Manhattan Briar Pipe Co. had started operations in 1905 in Jersey City, New Jersey, having taken on a lease for a ten year period in 1905, and maintained a factory at Marion, New Jersey, where the pipes were made. By 1913, former American Tobacco pipe department chair John Glossinger was the president of Manhattan Briar Pipe Company, and began a significant advertising push for high grade pipes, using the slogan “Don’t spoil good tobacco by using a poor pipe”. It appears from cases having appeared on the estate market that Manhattan also sold meerschaum pipes, most likely rebranded articles originally made by European craftsmen.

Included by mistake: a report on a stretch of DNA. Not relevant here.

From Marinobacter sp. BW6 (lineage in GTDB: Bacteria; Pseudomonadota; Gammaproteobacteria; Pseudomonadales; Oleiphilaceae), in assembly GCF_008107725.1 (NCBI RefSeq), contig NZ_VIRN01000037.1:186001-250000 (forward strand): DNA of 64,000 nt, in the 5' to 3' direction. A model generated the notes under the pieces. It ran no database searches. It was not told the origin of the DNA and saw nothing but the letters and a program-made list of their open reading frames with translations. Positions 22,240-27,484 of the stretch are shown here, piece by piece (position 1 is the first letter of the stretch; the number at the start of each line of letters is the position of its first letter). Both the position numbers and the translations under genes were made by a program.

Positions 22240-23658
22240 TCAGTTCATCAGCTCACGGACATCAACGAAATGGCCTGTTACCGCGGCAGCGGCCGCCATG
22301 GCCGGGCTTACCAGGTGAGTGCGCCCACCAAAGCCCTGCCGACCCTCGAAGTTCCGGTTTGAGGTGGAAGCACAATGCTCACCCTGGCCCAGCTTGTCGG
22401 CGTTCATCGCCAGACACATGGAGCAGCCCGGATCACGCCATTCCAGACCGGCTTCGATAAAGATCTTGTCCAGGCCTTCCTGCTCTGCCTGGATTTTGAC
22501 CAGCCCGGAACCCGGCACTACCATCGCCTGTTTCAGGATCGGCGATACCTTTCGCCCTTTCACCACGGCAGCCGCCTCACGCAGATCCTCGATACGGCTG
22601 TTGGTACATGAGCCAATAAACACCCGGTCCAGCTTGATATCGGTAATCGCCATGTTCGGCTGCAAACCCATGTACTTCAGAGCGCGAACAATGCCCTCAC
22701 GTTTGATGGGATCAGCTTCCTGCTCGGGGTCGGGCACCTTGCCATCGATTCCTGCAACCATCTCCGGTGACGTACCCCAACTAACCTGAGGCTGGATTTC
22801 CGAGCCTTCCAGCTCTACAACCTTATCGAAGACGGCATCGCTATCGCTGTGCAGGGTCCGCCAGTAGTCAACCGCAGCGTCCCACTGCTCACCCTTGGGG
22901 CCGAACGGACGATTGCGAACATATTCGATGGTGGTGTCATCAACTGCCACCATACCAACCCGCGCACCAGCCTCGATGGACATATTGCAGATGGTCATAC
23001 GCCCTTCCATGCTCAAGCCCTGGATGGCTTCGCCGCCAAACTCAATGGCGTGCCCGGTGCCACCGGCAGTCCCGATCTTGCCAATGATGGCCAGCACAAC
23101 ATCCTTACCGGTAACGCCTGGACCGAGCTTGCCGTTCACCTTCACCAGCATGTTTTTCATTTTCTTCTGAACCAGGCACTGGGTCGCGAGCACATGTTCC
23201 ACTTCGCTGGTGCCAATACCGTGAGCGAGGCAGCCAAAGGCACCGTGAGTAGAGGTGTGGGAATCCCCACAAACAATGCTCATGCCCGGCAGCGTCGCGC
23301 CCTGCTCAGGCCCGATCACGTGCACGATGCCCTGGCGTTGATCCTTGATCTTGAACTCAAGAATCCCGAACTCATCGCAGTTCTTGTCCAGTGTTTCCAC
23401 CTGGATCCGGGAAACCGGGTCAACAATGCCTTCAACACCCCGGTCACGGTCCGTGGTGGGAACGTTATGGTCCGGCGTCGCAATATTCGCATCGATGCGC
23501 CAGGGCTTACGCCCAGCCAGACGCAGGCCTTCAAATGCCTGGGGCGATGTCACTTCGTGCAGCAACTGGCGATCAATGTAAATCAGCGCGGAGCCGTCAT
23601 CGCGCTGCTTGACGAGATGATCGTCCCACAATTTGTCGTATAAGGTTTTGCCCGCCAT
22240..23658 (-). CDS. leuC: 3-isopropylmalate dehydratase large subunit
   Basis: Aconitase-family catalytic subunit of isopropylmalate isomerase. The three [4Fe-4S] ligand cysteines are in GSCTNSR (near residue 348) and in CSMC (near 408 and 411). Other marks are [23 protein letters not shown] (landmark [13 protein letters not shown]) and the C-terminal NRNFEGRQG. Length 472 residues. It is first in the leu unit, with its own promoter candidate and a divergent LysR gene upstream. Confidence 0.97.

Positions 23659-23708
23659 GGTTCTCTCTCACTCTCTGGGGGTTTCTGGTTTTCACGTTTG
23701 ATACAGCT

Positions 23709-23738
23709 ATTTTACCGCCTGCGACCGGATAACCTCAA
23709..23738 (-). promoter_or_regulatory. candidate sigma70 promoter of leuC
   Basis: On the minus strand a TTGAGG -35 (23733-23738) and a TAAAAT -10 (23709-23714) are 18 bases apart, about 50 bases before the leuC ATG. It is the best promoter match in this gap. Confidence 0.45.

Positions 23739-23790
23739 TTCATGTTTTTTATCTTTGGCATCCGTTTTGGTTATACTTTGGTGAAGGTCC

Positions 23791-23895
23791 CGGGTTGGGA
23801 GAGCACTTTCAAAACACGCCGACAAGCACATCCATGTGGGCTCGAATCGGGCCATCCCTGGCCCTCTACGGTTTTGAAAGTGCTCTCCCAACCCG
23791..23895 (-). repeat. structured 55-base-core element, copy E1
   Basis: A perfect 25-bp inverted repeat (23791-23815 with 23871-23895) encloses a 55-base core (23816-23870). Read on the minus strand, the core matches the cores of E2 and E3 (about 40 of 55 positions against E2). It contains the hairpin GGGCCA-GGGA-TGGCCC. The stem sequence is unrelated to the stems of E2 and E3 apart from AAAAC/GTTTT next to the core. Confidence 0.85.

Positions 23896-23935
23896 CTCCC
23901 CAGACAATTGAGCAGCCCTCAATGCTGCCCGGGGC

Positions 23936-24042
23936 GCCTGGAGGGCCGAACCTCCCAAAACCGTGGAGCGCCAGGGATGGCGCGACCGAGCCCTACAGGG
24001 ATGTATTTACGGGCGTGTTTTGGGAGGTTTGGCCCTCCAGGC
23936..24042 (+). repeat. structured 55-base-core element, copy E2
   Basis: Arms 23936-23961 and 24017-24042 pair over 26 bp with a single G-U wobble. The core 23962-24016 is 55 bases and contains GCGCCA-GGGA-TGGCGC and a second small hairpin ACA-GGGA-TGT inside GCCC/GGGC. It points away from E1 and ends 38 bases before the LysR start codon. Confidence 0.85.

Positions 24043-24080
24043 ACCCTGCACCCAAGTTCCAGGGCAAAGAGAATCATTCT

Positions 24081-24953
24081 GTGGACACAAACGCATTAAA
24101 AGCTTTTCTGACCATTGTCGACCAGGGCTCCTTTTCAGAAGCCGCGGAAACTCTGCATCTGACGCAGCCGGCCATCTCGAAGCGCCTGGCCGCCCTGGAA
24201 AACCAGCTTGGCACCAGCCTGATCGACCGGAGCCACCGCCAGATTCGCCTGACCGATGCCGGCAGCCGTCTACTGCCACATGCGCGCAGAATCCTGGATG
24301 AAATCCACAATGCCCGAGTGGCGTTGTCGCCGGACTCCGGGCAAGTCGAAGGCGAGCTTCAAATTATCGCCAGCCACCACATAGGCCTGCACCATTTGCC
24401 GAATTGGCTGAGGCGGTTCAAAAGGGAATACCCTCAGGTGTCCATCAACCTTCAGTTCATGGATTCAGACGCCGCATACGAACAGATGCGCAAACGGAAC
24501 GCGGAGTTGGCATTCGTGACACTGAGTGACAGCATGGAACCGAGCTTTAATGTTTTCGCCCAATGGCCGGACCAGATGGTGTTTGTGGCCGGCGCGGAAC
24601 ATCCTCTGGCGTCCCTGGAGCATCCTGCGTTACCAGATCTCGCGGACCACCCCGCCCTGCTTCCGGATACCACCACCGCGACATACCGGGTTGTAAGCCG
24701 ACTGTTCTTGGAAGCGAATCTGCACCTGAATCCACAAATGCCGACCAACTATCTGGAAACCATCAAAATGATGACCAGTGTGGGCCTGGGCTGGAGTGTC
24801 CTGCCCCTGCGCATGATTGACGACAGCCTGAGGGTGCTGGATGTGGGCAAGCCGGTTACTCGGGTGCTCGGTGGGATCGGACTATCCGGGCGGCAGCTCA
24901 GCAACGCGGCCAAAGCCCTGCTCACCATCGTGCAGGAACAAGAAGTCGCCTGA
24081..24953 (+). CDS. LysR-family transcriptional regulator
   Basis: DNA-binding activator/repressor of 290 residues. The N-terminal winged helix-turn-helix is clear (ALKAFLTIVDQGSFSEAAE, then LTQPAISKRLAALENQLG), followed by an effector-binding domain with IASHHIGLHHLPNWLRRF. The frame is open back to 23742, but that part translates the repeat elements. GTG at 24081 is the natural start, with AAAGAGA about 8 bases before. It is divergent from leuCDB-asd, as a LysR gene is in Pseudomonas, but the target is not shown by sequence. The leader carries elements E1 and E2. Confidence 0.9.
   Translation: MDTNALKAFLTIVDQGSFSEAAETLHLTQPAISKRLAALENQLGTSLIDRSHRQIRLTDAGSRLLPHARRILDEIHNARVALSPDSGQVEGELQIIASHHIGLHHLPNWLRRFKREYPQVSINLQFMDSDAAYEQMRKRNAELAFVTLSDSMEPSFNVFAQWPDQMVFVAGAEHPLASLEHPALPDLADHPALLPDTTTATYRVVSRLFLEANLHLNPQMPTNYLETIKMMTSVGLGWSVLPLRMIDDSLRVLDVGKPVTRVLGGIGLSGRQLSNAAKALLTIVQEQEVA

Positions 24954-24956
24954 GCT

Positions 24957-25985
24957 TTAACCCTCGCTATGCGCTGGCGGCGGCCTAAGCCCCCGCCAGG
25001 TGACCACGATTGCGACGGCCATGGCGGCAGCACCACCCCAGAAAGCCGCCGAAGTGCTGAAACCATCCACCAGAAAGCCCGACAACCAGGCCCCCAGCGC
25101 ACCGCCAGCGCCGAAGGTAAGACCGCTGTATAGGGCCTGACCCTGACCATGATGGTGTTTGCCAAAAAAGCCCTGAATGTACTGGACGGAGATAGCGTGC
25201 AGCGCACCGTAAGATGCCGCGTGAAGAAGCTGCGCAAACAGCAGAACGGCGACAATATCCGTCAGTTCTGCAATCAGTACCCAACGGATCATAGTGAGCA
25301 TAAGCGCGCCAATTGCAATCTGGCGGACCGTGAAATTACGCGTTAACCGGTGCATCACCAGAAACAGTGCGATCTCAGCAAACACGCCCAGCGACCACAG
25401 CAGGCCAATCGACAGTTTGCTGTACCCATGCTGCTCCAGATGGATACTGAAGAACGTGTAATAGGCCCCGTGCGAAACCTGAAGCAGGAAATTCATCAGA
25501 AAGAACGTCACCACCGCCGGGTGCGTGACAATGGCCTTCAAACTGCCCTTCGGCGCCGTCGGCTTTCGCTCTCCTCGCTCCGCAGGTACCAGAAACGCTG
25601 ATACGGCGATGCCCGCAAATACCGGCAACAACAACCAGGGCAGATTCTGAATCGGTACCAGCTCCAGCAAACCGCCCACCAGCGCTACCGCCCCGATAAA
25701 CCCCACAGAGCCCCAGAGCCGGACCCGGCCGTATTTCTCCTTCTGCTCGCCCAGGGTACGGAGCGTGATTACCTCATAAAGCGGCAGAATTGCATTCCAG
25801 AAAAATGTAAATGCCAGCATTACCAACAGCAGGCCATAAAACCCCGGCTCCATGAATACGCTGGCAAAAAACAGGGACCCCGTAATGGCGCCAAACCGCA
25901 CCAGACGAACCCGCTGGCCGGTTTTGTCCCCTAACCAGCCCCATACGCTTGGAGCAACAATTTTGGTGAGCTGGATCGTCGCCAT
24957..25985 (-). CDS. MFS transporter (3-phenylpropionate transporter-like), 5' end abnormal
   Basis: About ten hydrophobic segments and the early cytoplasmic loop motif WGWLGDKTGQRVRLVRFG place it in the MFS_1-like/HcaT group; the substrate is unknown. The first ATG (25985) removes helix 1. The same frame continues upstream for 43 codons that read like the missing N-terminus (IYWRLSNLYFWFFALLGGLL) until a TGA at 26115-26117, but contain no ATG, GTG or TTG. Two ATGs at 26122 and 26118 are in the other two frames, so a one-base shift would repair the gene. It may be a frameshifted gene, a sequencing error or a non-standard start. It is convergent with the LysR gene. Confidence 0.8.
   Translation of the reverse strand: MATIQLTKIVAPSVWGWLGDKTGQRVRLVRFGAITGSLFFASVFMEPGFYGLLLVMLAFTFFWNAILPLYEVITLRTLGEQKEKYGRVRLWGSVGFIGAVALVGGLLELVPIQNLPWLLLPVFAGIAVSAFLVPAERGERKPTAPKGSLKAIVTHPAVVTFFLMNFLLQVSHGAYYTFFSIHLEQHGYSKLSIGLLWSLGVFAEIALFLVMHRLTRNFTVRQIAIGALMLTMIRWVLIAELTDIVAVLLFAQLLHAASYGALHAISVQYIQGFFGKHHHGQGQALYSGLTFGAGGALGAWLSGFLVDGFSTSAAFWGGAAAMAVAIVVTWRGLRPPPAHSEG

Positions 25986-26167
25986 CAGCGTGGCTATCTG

After the expiration of the Jersey City lease the Manhattan Briar Pipe Company maintained offices and a factory at 415-425 Greenpoint Avenue, Brooklyn, New York beginning in 1915, evidently under the direction of W. C. Bastian, who had been granted a patent for a chambered pipe stem otherwise seemingly identical to a Peterson P-Lip in 1910. An employee of the company, one J. Gianninoto, was granted a patent for a device meant to permit the emptying of a cuspidor without the mess in early 1918, and the company continues to be listed in local directories through 1921. In 1922 Manhattan Briar was purchased by S.M. Frank and merged into that company. https://pipedia.org/wiki/Manhattan_Briar_Pipe_Co.